Popular Content

Showing content with the highest reputation on 03/06/2019 in all areas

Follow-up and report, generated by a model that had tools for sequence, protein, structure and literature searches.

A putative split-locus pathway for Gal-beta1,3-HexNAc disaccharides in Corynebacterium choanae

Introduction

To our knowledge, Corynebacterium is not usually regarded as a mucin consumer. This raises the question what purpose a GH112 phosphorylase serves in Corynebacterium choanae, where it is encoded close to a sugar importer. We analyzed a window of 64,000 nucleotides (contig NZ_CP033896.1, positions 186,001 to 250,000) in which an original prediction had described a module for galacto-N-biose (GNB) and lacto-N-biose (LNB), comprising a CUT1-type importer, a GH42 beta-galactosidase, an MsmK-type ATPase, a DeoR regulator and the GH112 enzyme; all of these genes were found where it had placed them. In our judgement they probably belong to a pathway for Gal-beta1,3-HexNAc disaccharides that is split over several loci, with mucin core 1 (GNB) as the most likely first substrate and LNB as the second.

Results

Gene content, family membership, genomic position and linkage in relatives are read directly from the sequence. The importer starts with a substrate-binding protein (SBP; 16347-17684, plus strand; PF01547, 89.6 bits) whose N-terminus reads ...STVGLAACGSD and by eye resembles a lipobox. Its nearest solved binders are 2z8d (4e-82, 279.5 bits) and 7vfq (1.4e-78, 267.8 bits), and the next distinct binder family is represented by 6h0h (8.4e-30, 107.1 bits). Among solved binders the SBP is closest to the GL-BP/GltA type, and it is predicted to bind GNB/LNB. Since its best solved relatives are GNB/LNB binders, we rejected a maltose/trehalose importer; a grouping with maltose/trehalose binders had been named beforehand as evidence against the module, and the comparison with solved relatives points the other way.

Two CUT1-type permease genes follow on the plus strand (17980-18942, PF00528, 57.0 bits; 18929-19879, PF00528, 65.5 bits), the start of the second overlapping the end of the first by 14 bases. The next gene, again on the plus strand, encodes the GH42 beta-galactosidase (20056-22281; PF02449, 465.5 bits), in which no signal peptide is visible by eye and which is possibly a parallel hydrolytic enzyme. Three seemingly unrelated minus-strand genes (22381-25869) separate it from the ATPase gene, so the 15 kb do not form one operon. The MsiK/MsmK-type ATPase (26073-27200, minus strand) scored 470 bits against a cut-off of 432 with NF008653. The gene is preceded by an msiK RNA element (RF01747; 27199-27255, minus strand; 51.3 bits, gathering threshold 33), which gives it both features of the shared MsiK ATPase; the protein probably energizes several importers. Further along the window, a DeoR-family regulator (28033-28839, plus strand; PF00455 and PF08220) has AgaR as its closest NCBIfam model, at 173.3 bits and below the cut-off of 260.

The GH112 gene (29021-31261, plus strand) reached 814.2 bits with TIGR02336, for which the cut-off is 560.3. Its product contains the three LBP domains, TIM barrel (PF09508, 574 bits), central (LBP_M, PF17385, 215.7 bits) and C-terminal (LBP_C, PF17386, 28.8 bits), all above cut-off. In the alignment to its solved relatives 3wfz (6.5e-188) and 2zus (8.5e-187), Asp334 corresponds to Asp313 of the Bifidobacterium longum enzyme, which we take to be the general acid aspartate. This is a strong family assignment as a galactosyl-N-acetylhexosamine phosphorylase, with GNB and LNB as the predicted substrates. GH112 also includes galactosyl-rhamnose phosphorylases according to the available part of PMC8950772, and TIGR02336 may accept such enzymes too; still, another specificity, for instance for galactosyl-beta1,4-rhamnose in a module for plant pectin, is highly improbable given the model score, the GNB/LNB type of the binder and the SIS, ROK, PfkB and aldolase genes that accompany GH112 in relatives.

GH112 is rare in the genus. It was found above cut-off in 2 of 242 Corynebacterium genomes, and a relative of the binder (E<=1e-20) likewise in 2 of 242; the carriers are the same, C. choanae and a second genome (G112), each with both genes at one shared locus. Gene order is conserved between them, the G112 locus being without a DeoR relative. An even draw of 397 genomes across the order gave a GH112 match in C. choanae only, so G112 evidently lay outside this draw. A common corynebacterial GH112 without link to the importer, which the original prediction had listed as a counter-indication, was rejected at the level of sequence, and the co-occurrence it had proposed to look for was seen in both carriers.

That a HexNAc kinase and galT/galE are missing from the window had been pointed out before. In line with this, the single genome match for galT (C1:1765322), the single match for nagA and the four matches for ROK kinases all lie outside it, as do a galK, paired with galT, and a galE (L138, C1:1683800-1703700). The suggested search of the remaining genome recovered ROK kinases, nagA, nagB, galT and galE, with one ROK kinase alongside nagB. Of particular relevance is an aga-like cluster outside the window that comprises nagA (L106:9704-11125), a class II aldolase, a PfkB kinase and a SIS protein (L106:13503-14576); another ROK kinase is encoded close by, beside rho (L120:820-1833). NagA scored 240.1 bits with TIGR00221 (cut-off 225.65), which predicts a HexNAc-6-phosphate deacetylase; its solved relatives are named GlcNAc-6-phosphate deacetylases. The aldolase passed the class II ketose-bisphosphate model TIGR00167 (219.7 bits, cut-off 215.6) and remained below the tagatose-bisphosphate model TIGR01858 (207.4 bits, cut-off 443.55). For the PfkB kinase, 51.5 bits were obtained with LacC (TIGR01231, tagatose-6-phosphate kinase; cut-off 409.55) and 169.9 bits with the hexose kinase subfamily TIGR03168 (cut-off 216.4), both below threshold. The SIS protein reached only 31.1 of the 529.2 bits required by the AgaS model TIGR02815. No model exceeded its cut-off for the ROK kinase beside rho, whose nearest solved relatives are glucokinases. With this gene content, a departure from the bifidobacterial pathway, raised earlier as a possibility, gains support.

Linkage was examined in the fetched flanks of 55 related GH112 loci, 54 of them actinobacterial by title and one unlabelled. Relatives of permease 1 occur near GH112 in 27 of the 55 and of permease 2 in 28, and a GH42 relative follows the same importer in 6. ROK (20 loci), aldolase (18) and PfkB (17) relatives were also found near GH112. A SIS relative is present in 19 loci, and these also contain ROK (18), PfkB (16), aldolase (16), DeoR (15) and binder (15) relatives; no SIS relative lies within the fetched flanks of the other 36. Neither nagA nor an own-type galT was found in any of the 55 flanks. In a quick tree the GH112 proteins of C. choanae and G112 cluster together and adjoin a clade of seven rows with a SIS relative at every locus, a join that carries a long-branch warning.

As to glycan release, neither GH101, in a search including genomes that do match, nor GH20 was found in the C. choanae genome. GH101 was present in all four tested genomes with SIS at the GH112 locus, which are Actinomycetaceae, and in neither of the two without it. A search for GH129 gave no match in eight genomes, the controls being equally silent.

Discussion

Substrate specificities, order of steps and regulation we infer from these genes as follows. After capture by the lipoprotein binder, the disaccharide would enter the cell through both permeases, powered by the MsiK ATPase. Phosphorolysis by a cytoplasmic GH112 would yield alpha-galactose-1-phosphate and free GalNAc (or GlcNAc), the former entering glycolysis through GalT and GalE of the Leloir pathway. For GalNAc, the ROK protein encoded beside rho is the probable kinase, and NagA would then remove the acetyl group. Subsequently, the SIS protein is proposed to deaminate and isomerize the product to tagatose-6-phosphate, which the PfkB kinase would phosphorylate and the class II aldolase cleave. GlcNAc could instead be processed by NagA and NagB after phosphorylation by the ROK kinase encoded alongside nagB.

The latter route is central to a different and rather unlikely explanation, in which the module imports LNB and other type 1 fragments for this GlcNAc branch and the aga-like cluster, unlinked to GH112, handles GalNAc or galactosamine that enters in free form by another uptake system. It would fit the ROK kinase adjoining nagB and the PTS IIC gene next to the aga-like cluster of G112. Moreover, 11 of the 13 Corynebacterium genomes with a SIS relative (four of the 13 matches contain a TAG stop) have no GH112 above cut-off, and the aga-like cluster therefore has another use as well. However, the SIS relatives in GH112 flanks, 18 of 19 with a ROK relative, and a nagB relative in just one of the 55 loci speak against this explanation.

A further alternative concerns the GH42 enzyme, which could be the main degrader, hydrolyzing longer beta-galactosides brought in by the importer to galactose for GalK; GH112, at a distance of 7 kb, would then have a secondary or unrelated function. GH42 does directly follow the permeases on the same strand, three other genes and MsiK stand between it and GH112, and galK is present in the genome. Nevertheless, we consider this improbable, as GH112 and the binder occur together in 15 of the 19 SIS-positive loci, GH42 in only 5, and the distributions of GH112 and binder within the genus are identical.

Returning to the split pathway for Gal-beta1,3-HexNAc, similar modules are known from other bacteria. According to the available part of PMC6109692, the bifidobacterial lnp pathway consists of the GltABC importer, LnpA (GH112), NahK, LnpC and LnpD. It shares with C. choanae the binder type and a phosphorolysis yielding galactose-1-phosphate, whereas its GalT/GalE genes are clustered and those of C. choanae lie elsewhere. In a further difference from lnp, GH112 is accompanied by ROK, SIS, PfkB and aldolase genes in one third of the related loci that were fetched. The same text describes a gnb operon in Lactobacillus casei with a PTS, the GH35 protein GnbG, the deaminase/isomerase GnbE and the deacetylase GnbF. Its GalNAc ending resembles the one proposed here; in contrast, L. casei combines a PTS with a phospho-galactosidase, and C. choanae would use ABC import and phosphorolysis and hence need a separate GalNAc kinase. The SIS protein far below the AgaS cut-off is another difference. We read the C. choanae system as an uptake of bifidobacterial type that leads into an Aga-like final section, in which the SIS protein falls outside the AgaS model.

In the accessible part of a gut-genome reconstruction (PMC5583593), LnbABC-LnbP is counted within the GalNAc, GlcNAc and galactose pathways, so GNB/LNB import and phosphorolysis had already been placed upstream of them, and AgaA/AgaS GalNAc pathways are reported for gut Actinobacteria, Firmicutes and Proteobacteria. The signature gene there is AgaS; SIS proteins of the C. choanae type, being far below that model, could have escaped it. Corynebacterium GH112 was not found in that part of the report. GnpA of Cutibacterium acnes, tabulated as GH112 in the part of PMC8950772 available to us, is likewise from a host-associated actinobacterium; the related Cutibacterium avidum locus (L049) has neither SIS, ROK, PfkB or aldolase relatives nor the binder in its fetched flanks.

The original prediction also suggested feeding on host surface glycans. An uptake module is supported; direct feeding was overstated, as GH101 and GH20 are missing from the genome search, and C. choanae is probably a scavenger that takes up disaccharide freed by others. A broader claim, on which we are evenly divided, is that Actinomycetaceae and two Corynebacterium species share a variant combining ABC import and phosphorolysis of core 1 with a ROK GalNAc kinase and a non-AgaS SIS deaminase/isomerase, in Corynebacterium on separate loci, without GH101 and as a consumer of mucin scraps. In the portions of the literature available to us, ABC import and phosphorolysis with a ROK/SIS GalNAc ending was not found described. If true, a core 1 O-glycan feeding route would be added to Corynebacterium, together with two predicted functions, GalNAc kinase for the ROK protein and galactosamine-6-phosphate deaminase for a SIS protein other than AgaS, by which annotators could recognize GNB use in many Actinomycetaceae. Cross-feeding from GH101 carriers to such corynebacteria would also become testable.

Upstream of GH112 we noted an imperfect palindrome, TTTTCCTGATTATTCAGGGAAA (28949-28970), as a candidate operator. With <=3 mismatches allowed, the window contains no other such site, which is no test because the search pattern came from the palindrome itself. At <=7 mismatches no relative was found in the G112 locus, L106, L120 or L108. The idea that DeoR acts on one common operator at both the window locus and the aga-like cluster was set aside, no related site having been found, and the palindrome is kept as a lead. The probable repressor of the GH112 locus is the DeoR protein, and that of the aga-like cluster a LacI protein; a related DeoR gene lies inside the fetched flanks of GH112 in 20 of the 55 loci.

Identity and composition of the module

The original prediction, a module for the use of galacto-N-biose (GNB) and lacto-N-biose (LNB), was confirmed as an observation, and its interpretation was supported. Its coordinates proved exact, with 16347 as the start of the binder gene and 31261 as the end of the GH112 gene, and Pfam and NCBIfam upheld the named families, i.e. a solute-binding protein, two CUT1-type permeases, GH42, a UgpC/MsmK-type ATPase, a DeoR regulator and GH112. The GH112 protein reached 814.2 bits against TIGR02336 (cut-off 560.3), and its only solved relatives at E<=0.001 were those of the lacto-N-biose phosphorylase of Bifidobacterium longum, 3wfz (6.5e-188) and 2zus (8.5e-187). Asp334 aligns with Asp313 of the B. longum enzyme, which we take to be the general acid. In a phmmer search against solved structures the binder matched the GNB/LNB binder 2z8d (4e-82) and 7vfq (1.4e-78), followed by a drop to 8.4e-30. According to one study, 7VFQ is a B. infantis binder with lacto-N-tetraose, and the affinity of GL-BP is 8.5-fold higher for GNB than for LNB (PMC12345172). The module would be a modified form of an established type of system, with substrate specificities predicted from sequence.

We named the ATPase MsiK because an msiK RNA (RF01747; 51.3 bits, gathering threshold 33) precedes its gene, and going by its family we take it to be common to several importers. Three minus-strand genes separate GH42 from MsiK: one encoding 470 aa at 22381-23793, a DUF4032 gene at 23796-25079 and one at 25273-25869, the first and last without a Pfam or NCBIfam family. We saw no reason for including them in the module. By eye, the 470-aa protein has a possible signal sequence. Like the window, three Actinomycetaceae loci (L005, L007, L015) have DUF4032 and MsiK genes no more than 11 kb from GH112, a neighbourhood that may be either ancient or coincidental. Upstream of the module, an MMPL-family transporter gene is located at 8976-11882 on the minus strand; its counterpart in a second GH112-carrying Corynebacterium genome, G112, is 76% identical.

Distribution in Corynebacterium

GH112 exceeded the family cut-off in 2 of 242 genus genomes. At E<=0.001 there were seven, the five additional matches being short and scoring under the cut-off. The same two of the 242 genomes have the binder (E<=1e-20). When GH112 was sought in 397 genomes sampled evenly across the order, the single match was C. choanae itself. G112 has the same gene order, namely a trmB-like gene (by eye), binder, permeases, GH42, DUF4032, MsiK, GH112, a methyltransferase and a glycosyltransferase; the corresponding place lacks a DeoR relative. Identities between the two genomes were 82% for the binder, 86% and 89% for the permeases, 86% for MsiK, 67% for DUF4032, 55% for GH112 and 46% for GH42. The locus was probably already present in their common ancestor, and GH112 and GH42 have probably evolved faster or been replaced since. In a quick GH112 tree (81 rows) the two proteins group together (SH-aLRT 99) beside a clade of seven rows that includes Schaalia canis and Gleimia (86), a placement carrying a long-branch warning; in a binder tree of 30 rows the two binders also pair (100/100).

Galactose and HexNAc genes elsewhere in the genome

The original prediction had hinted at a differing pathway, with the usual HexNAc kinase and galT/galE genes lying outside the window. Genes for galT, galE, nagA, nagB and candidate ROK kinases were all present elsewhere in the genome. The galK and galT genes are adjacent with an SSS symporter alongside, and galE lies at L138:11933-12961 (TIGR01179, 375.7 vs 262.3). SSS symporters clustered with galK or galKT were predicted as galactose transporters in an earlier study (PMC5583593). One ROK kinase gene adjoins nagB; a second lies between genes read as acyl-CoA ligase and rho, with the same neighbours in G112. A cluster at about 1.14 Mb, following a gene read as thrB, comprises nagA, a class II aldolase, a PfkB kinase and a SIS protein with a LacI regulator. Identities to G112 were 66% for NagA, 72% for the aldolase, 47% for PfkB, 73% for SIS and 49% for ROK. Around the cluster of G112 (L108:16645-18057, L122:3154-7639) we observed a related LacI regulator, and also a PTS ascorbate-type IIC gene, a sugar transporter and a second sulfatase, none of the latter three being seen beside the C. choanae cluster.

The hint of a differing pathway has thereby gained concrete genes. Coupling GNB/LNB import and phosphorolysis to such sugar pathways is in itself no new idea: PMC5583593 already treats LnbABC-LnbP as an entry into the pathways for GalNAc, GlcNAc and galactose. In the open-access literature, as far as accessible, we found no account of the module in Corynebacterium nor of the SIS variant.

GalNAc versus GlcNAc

1. 3 points